Before The Survivors, Jane Harper had written three books: two set in drought stricken and lonely Australian wilderness, and one set in dense forestation. The drier books were intense and deep, but the forest floundered in not being able to locate a purpose for its characters or a compelling setting for them to come apart in. In The Survivors, Harper offers readers a new environment in the cold beaches of Tasmania, and she works it. That it’s her third book about a pariah returning to the society that shunned them to reckon with their past is something that we’ll politely gloss over at this point.
Kieran Elliott returns to the small Tasmanian town of Evelyn Bay to help his mother pack up the family home and send his father into care. Twelve years after the events that drove him away, Kieran is still looked down upon by the citizens of Bay — but when a body turns up on the shore, he realises that he may need to reassess his role in the past and his place in society.
The Survivors is Jane Harper’s first novel with no connection whatsoever to Aaron Falk, not even the tangential reference that provided some background to The Lost Man, but it does not suffer for it. Where Harper had written herself into a corner by introducing a policeman who was essentially an auditor, relegated to stuffy “financial crimes”, here she has freed the reader with a character unencumbered by such petty commitments as employment that he has to attend to or a meaningful life on the mainland.
There are moments in The Survivors that horrify, but not for reasons of narrative suspense: at one point Kieran goes swimming in the ocean and leaves his baby unattended in a sleeping bag on the shore, which is likely to trigger a visceral response even in those without any children to their name. This is not used as an example of Kieran being thoughtless or careless with his defenceless charge, but simply as something that he does. It is such a strange inclusion that it has to be remarked upon, the sort of event that somehow survived however many editorial passes. The rest of the danger — from tide levels and unmapped caves — makes for a more primal, logical source of fear and peril, but it is the baby on the beach that lingers.
The Survivors is Harper’s most literary piece to date, a character study that often forgets that it is ostensibly a crime novel. The vivisection that Harper performs on Kieran’s flayed soul is comprehensive, and Harper digs deep into the nature of trauma, survivor’s guilt, and toxic masculinity that desperately attempts to repair itself. With the main character never in the mix for the modern murder, one doesn’t have to doubt him; Harper does not withhold his past for long, so it is difficult to see Kieran as any sort of monster.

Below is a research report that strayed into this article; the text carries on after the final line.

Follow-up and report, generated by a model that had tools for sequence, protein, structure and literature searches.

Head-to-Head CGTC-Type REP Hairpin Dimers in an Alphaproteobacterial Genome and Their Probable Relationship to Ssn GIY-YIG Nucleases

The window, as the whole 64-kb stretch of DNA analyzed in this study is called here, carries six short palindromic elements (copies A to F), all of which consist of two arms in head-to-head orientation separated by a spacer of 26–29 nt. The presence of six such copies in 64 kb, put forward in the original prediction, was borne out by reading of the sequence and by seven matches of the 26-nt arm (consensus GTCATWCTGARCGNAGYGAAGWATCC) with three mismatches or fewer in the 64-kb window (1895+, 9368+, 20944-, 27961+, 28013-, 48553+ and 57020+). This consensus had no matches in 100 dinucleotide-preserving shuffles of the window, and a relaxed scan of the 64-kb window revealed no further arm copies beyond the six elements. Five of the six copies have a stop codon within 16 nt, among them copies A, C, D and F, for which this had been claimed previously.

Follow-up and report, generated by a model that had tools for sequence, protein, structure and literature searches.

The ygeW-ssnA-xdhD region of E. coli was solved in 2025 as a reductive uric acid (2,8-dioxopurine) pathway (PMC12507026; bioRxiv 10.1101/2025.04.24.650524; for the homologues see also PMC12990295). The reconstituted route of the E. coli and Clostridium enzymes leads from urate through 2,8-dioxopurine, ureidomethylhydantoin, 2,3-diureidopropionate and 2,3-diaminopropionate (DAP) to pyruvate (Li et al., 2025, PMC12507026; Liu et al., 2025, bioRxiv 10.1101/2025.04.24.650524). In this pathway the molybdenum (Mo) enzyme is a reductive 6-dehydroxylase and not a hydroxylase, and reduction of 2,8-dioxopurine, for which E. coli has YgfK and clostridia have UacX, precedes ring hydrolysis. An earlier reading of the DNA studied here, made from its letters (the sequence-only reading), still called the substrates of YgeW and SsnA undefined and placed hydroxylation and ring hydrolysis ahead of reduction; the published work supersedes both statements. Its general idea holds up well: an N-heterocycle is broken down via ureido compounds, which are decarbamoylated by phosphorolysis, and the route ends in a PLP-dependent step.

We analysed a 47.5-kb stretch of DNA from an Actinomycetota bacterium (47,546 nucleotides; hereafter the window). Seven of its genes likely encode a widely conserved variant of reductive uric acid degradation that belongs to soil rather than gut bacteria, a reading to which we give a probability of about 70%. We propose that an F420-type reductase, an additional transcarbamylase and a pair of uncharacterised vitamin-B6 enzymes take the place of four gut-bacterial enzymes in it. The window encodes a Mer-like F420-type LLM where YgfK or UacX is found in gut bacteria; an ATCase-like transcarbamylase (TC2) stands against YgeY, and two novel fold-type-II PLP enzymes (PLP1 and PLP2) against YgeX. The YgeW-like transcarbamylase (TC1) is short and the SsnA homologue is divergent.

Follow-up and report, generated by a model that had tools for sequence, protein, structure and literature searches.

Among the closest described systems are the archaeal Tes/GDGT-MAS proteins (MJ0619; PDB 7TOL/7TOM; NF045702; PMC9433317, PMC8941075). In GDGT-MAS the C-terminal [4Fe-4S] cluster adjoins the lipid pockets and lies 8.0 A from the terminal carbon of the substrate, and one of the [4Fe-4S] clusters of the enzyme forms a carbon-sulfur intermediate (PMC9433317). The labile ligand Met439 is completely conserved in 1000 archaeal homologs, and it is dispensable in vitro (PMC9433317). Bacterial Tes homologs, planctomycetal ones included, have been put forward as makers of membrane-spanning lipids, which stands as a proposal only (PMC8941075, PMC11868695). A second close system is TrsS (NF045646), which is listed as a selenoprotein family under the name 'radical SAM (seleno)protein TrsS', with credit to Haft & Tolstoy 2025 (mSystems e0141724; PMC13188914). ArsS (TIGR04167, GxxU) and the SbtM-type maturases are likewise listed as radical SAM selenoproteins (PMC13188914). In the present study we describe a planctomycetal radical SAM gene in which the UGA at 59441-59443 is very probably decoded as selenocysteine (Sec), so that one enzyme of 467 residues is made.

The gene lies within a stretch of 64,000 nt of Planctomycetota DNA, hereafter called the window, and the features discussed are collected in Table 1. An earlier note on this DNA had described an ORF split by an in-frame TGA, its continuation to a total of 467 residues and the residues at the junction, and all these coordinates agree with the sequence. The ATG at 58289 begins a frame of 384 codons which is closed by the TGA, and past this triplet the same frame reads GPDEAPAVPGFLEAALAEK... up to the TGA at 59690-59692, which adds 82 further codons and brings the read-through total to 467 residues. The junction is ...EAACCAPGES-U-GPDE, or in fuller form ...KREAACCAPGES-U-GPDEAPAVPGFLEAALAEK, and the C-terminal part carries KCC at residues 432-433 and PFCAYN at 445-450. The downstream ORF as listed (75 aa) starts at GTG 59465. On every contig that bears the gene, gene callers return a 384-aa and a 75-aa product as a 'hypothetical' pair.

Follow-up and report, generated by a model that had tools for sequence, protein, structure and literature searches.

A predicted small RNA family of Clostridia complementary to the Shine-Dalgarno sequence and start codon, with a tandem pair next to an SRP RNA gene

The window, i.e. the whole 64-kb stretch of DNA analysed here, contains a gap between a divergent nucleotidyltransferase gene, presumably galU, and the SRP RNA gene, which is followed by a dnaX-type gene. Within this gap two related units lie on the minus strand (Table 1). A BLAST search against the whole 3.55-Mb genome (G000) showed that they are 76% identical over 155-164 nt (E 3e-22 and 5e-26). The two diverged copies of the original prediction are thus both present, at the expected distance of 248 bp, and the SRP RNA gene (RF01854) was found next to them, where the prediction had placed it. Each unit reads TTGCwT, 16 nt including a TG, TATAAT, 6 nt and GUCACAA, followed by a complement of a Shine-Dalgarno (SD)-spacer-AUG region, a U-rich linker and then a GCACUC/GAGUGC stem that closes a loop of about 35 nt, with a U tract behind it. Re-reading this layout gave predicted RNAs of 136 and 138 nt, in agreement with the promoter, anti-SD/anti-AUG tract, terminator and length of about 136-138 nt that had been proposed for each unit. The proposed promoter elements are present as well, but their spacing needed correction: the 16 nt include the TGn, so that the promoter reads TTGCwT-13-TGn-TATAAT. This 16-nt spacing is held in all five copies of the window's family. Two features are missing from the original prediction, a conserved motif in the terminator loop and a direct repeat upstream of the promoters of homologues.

The flip side of this depth of character means that The Survivors doesn’t always quite work from the perspective of a crime novel. It is a double or triple whodunnit across multiple timelines, and the reveals are somewhat underwhelming because Harper hasn’t put in the effort to beef up the support cast. Kieran is a multi-dimensional character, and some of the people in his immediate orbit have enough shade to them, but there are others defined by their ability to blend into the background and go entirely unnoticed. Kieran has loyal friends who never betrayed him, but they are mostly never more than ciphers, with names and personalities that are almost interchangeable.
Despite its point of difference, Evelyn Bay is also Harper’s least convincing location to date. Unlike the dry locales, this pointedly wet one is not so vividly illustrated: the caves that are pivotal to the plot are inconsistently presented: sometimes they seem easy to reach from the land, others perilously so, and others still characters have to take a boat out to them, independent of the tide. For simplicity’s sake, Evelyn Bay has only one real business, the Surf and Turf, and it does a lot of heavy lifting for the town’s commerce and social life. Harper only gives the vaguest sense of where anything is relative to anything else, but she does get bonus points for presenting little seen parts of Tasmania — and a week ahead of Tasmanian native Richard Flanagan’s new release, no less.
Having done all of the hard work of setting up Keiran, Harper finishes The Survivors in a hurry, drowning the reader in a torrent of exposition that solves everything in a few broad strokes. At the eleventh hour, it becomes clear that The Survivors is Harper butting against the boundaries of the genre that made her famous. It is not impossible to write a literary crime novel — and, as long as an author doesn’t think that they’re “slumming it” to prove how easy it is, their kind is welcome — but the murder that is supposed to drive The Survivors is never much more than window dressing. Though it may be time for Harper pack the pariahs away, at the very least The Survivors stands as a thorough character study and a passable mystery.